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ON FAITH & MEDIA View Comments

Jumping the Broom

By
Kurt Jensen
Source: Catholic News Service


Laz Alonso and Paula Patton star in a scene from the movie "Jumping the Broom."
Expertly performed faith-tinged family comedies such as "Jumping the Broom" (TriStar) are such a rare and welcome treat, is it even fair to quibble?

We must. The family secret at the heart of the plot is so emotionally painful and morally and legally complex, it would stop people in their tracks in real life, after which they would probably seek out the likes of Dr. Phil.

There is a clergyman on hand -- the Rev. James, played by Bishop T.D. Jakes, senior pastor of the Potter's Field megachurch in Dallas, and also a producer of this film. But director Salim Akil and screenwriters Elizabeth Hunter and Arlene Gibbs use him mostly as window dressing; he offers some wisdom about soul mates early on, and delivers a sermonette at the end.

But, in between, the characters are left to sort out their serious conflicts without his counsel.

It's a false note in an otherwise engaging story about the lead-up to a Martha's Vineyard wedding. The nuptials will unite stockbroker Jason Taylor (Laz Alonso), the son of overprotective Brooklyn postal worker Pam (Loretta Devine), who struggles with anger issues, and lawyer Sabrina Watson (Paula Patton), the daughter of wealthy Claudine and Greg (Angela Bassett and Brian Stokes Mitchell), who are edging toward a divorce.

There are unexpected twists mixed in with the helpings of sweet potato pie and the time-honored formula of upscale vs. downscale. Sabrina and Jason have known each other only six months, and because of a promise she made to God about leading a chaste life, they're not having premarital sex.

Pam's devoted Bible reading, though sincerely pursued, is shown to be less than effective in keeping her on the side of righteousness. And, of course, the Watsons' money and accoutrements prove useless in shielding them from devastating family issues.

Problems are resolved in a series of quick conversations, since the bickering and divergences between the two families (both mothers are masters of the comic slow burn) are mere speed bumps on the way to...well, it is a comedy.

The film contains mature themes; fleeting, mild sexual banter; and a couple of references to masturbation. The Catholic News Service classification is A-III—adults. The Motion Picture Association of America rating is PG-13—parents strongly cautioned. Some material may be inappropriate for children under 13.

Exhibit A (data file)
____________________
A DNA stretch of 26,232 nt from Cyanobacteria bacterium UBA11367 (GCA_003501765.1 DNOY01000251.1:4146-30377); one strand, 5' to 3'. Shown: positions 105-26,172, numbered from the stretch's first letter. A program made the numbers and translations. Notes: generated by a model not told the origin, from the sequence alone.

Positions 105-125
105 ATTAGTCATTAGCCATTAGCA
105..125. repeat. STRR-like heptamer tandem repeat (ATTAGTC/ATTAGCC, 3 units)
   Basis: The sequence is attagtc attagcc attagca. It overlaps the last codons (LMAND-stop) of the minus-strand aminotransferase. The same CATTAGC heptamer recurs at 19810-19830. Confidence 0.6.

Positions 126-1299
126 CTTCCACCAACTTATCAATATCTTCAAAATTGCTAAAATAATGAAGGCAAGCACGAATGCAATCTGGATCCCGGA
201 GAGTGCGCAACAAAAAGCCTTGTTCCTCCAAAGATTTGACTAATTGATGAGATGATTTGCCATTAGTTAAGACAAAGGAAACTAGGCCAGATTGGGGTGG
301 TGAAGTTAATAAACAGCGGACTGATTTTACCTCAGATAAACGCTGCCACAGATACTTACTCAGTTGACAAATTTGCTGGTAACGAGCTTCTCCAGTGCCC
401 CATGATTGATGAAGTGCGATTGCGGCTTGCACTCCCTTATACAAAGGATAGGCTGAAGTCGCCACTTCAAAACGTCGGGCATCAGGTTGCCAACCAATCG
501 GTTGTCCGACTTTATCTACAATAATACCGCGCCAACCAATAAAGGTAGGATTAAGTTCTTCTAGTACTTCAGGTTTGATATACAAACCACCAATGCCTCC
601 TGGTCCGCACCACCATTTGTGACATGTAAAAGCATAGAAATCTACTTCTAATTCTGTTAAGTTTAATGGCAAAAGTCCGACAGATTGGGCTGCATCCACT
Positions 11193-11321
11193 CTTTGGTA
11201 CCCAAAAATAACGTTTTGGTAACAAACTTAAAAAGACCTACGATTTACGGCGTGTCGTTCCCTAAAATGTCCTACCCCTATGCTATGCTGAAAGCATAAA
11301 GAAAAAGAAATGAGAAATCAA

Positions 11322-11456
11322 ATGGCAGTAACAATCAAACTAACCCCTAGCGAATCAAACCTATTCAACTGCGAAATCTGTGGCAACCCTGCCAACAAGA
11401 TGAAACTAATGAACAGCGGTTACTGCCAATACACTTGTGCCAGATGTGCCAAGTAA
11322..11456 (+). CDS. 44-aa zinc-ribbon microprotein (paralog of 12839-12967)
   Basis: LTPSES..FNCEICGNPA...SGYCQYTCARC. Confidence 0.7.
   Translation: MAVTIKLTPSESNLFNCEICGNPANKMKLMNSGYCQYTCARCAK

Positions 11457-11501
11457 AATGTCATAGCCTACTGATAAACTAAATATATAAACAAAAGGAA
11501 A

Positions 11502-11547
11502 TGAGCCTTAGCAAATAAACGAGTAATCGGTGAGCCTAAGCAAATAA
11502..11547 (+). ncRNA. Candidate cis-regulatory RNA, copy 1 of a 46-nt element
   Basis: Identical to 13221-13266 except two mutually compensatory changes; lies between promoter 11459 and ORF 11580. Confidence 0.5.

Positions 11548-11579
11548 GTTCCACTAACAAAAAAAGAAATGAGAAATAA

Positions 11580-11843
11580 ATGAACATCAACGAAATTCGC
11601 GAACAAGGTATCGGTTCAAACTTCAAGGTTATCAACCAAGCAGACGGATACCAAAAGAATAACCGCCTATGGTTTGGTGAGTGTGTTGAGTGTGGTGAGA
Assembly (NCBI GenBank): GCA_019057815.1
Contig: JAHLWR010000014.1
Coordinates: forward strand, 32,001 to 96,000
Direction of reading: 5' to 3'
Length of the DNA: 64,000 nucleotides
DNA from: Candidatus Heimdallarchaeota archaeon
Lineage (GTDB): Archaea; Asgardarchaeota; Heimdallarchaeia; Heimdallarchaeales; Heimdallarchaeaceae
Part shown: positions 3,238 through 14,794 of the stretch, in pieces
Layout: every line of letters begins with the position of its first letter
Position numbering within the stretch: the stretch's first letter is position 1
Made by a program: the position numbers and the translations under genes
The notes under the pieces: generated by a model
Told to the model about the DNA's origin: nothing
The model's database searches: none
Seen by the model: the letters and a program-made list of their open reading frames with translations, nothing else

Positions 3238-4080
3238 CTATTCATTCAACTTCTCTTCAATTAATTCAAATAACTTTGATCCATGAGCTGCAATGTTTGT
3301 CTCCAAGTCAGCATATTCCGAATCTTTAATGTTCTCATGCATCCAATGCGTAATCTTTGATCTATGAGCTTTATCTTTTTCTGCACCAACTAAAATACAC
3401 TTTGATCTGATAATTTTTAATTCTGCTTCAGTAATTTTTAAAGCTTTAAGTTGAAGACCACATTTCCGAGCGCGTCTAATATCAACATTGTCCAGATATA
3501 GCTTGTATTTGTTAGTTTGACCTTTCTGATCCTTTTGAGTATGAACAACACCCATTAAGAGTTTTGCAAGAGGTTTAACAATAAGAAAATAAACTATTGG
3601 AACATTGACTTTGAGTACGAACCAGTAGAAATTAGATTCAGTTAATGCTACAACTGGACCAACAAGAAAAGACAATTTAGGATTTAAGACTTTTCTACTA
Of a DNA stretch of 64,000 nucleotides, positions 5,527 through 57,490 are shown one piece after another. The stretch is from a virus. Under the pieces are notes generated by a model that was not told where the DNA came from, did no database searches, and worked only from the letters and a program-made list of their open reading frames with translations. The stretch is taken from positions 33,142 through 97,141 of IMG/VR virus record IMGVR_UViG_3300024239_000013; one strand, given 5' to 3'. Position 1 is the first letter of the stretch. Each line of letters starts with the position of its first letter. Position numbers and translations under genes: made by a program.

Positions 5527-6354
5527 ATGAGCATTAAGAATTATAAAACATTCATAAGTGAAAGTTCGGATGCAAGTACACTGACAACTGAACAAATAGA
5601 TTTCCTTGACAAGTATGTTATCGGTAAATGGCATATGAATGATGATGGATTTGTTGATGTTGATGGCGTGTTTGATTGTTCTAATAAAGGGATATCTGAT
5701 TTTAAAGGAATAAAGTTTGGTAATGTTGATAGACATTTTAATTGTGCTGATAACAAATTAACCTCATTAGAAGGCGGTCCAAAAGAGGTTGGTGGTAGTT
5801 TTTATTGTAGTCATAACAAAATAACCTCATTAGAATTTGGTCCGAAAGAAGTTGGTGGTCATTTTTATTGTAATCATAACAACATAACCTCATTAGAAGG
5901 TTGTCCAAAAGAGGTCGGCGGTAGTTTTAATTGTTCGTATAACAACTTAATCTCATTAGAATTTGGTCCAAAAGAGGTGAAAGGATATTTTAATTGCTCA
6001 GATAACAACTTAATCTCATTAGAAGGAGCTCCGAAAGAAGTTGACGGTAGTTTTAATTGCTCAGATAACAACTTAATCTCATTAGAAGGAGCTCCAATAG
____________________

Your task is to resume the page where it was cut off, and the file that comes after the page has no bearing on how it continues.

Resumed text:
*****
Kurt Jensen is a guest reviewer for Catholic News Service.



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Andrew Kim Taegon, Paul Chong Hasang and Companions: This first native Korean priest was the son of Korean converts. His father, Ignatius Kim, was martyred during the persecution of 1839 and was beatified in 1925. After Baptism at the age of 15, Andrew traveled 1,300 miles to the seminary in Macao, China. After six years he managed to return to his country through Manchuria. That same year he crossed the Yellow Sea to Shanghai and was ordained a priest. Back home again, he was assigned to arrange for more missionaries to enter by a water route that would elude the border patrol. He was arrested, tortured and finally beheaded at the Han River near Seoul, the capital. Paul Chong Hasang was a lay apostle and married man, aged 45. 
<p>Christianity came to Korea during the Japanese invasion in 1592 when some Koreans were baptized, probably by Christian Japanese soldiers. Evangelization was difficult because Korea refused all contact with the outside world except for bringing taxes to Beijing annually. On one of these occasions, around 1777, Christian literature obtained from Jesuits in China led educated Korean Christians to study. A home Church began. When a Chinese priest managed to enter secretly a dozen years later, he found 4,000 Catholics, none of whom had ever seen a priest. Seven years later there were 10,000 Catholics. Religious freedom came in 1883. </p><p>When Pope John Paul II visited Korea in 1984 he canonized, besides Andrew and Paul, 98 Koreans and three French missionaries who had been martyred between 1839 and 1867. Among them were bishops and priests, but for the most part they were lay persons: 47 women, 45 men. </p><p>Among the martyrs in 1839 was Columba Kim, an unmarried woman of 26. She was put in prison, pierced with hot tools and seared with burning coals. She and her sister Agnes were disrobed and kept for two days in a cell with condemned criminals, but were not molested. After Columba complained about the indignity, no more women were subjected to it. The two were beheaded. A boy of 13, Peter Ryou, had his flesh so badly torn that he could pull off pieces and throw them at the judges. He was killed by strangulation. Protase Chong, a 41-year-old noble, apostatized under torture and was freed. Later he came back, confessed his faith and was tortured to death. </p><p>Today, there are almost 5.1 million Catholics in Korea.</p> American Catholic Blog We never think of connecting violence with our tongues. But the first weapon, the most cruel weapon, is the tongue. Examine what part your tongue has played in creating peace or violence. We can really wound a person, we can kill a person, with our tongue.

 
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